Now, seeing at the figures of 75bn dollars said to be affected as published by leading newspapers, that too as a front-page news after a long time of 4 months from publication of alleged Circular raises serious concerns to general investors. This figure of 75bn dollars seems to be referring to the total investments made by FPIs in Indian Capital Market though no clarity is given by them in this regard. If the figures given out by SEBI on FPI investments as reported in the SEBI Bulletin (August) is seen, it shows that FPIs have total assets of Rs.33,34,518 Crores in India as on July 2018. It is stated that FPIs have invested Rs.2264 crores in July, 2018 in equity opposed to selloff in previous three consecutive months (April, May and June, 2018). The positive July,

2018 trend seen from figures quoted by SEBI bulletin (August) tells us a different story regarding FPI investments from what is reported in Newspapers. Ethically, it is expected from national level newspapers to report without bias and to put forth all facts for readers to make a judgement.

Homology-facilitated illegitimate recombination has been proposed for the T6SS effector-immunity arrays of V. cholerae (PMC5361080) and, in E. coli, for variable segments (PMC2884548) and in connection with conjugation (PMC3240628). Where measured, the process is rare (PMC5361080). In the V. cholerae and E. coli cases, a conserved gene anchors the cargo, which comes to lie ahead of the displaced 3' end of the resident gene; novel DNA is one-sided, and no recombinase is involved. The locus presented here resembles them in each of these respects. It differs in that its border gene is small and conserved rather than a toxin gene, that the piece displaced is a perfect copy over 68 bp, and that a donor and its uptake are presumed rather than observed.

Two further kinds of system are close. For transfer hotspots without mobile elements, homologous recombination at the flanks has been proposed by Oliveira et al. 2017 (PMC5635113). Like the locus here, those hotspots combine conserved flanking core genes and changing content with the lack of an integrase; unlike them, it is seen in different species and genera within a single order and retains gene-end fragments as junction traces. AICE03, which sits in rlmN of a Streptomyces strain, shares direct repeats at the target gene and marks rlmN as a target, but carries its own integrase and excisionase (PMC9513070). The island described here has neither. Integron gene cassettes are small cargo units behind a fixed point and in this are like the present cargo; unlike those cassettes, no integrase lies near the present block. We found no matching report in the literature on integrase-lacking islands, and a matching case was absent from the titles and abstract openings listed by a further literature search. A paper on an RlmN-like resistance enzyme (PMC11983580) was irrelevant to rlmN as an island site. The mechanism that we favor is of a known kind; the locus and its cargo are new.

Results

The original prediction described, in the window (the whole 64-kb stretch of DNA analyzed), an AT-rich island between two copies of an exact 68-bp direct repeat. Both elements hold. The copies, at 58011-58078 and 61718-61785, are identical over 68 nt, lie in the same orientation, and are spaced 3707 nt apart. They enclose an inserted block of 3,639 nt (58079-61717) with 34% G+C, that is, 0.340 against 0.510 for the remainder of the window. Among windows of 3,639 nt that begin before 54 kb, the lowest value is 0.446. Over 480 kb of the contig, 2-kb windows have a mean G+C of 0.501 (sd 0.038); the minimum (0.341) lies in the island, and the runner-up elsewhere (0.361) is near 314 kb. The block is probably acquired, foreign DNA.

To conclude, the clamour of NRI dominated FPIs that it’s a sudden policy change is not true. It seems even in absence of Apirl 10, 2018 circular of SEBI, it was obligated on FPIs to be truly a body controlled and owned by foreign investors. Although, it is a different pitch as to whether NRI /PIOs have to be allowed to invest through a dedicated Fund Structure. At this time it is good for NRIs- Investment Managers to stand by national interests rather than put their self-interest at front.